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160927 | Gwinear School head films ridiculous route for Hayle children denied Cornwall Council transport | West Briton

Gwinear School head films ridiculous route for Hayle children denied Cornwall Council transport - West Briton -


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Gwinear School head films ridiculous route for Hayle children denied Cornwall Council transport
West Briton
Mr Gardiner joined his pupils to walk the council-suggested route from Hayle to the school. It includes sections along narrow, country lanes without a footpath and across fields and through woodland. The video shows how the children cross the A30 by ...

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Gwinear School head films ridiculous route for Hayle children denied Cornwall Council transport

By WBGraeme | Posted: September 27, 2016

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A head teacher has filmed the long and difficult walk to school for three of his pupils who have been denied a place on the bus.

Lee Gardiner from Gwinear School near Hayle said it was ridiculous that the pupils were expected to walk for more than an hour along narrow lanes and across muddy fields.

The children, Michael, Mate and David, live 2.95 miles away - but only those who live more than 3 miles away are eligible for free school transport by Cornwall Council. The council said the route to Gwinear School had been assessed and was judged to be safe. It said parents have the right to appeal.

Mr Gardiner joined his pupils to walk the council-suggested route from Hayle to the school. It includes sections along narrow, country lanes without a footpath and across fields and through woodland. The video shows how the children cross the A30 by bridge and then walk along Grist Lane to the village of Angarrack before crossing over fields to Gwinear Lane.

Although the youngsters would be accompanied by an adult, Mr Gardiner said the route was simply not suitable with traffic, lack of pavements and the muddy footpaths – which would be even worse in the winter months, he added.

He said: "I think it's ridiculous. A parent of one of the children has challenged that decision already and I've given my support. It used to be the case that primary school children who lived within two miles were expected to walk. That was changed to three miles for pupils in years 4, 5 and 6. Here we have children living 2.95 miles away."

He said parents would also be expected to walk just under 12 miles each day to and from school.

"We are now having to use the school minibus to transport them here, without any money for that. This is not just our school but a Cornish problem and I wonder how many other schools are experiencing a similar problem," he added.

Mr Gardiner said the traffic survey of the lanes leading to school was also done in the summer, so school traffic was not taken into account.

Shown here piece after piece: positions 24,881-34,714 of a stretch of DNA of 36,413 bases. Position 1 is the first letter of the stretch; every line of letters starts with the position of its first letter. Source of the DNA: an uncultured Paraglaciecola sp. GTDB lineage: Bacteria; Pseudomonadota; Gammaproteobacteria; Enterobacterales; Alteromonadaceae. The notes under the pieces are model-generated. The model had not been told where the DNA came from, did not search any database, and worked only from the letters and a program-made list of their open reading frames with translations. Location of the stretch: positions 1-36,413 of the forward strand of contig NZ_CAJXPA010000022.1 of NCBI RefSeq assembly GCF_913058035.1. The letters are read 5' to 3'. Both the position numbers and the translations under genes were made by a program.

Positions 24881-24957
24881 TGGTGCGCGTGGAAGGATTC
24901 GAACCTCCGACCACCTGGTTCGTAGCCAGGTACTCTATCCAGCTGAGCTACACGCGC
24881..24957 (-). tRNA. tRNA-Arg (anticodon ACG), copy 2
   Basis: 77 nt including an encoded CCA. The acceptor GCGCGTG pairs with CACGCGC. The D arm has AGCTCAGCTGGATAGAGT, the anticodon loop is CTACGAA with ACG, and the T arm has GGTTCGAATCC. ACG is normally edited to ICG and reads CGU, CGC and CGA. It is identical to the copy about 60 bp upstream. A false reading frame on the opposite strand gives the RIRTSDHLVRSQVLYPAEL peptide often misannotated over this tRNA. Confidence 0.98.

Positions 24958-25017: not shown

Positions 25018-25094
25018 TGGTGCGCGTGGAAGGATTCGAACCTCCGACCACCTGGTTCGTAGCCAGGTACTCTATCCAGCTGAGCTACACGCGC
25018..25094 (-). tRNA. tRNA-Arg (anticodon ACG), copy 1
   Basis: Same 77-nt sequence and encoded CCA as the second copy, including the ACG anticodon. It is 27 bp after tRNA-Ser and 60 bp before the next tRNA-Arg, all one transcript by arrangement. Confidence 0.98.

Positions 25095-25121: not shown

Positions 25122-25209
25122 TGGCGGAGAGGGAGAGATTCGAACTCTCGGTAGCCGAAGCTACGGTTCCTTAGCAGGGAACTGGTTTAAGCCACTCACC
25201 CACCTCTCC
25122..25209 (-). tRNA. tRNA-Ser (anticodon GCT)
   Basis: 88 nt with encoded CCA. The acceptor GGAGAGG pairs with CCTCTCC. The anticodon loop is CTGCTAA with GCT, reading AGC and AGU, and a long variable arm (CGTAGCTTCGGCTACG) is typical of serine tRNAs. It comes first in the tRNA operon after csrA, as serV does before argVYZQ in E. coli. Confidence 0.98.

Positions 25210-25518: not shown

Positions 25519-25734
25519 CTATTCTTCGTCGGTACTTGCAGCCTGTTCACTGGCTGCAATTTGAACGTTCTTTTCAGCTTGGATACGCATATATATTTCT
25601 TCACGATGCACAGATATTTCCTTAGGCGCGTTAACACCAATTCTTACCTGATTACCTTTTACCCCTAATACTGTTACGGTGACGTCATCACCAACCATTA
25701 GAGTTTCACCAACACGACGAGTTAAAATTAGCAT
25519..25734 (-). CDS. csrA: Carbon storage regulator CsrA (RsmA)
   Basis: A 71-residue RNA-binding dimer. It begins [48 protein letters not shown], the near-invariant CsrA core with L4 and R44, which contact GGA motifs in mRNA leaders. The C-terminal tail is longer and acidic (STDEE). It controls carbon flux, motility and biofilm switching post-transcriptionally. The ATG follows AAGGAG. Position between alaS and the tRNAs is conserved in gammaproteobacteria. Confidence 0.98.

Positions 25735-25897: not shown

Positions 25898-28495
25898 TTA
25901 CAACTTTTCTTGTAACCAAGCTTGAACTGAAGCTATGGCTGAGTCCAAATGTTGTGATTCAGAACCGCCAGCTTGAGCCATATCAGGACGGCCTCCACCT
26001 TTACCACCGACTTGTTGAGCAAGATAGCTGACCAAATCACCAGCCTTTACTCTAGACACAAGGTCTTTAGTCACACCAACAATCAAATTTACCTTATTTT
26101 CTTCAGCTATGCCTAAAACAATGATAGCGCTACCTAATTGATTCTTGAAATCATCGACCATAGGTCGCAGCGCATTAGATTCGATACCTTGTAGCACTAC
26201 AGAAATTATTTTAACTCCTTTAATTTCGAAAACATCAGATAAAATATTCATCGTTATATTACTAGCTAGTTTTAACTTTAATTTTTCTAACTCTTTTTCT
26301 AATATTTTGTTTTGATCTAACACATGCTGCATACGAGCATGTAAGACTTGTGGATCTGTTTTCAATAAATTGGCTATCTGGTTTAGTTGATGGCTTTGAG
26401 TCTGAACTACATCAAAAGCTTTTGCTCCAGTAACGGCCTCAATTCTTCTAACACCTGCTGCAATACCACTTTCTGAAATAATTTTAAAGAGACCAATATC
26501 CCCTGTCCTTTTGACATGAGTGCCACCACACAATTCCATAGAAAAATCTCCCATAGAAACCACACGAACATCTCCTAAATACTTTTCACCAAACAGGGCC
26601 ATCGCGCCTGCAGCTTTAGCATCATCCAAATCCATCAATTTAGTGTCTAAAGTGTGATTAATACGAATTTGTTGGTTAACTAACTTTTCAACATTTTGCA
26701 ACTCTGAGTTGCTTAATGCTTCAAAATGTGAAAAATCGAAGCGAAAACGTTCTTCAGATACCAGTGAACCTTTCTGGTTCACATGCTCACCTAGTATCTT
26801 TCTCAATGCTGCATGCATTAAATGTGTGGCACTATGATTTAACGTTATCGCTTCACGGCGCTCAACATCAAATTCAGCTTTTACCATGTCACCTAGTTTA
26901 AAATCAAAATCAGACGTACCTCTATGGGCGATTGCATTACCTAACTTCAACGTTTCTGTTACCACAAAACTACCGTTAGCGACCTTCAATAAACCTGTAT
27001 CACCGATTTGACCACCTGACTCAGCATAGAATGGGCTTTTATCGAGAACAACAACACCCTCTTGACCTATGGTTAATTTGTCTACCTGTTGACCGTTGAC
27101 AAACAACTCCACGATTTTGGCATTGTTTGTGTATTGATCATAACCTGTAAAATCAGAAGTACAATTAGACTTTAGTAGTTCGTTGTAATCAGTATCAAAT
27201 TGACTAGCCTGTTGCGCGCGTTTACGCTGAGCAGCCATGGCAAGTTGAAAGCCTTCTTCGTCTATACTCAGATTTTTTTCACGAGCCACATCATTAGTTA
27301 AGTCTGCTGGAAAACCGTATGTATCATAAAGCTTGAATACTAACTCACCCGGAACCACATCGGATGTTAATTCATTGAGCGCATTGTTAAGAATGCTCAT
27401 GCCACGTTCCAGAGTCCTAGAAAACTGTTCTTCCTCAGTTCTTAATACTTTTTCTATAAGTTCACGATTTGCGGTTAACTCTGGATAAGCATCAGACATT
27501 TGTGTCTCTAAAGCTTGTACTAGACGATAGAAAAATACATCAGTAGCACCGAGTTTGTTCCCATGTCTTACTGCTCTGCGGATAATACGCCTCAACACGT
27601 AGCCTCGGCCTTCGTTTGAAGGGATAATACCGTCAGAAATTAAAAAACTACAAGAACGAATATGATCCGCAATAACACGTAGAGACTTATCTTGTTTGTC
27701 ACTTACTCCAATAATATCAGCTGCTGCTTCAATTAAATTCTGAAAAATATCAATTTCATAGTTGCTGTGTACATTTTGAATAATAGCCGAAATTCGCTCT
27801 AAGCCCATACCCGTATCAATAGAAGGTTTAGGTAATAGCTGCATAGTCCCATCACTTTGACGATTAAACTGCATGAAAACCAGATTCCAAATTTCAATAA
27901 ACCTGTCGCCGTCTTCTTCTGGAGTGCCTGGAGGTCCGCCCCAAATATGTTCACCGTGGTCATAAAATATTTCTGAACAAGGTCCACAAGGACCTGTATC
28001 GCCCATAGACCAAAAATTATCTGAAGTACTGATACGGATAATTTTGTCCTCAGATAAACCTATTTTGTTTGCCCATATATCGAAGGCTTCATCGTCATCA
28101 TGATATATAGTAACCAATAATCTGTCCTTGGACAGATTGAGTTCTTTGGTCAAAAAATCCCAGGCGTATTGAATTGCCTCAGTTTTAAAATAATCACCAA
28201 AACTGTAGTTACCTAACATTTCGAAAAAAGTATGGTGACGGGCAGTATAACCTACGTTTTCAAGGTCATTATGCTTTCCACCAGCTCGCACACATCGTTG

A spokeswoman for Cornwall Council the changes to the policy on school transport was approved following extensive public consultation in November 2014.

She said: "Cornwall's Home to School Transport Policy was brought into line with national statutory regulations and duties in respect of home to school transport. These changes were implemented from September 1 2016. This change of policy means that primary schools pupils aged eight and above, determined as those in years 4, 5 and 6, will only be awarded free home to school transport where the distance from their home address to their nearest or designated school is more than three miles. We currently provide school transport to around 12,000 children, of whom around 1,200 are primary school pupils.

"While we recognise that the change in this policy has affected around 130 primary school children and their families, it brings Cornwall in line with the Department for Education statutory guidance. It remains the responsibility of parents and carers to ensure that their child is accompanied as necessary when walking to and from school.

"Where a route is within the statutory walking distance but a parent or carer raises concerns about the safety of the route for pedestrians, a Pedestrian Route Assessment is carried out in accordance with the new policy.

"With respect to Gwinear School, assessments carried out by a road safety officer have confirmed that there is a route which is acceptable for pedestrian use. Parents and carers affected by this policy change were informed on April 13. They have the right to appeal against the council's decision."

 

The video shows how the children cross the A30 by bridge and then walk along Grist Lane to the village of Angarrack before crossing over fields to Gwinear Lane

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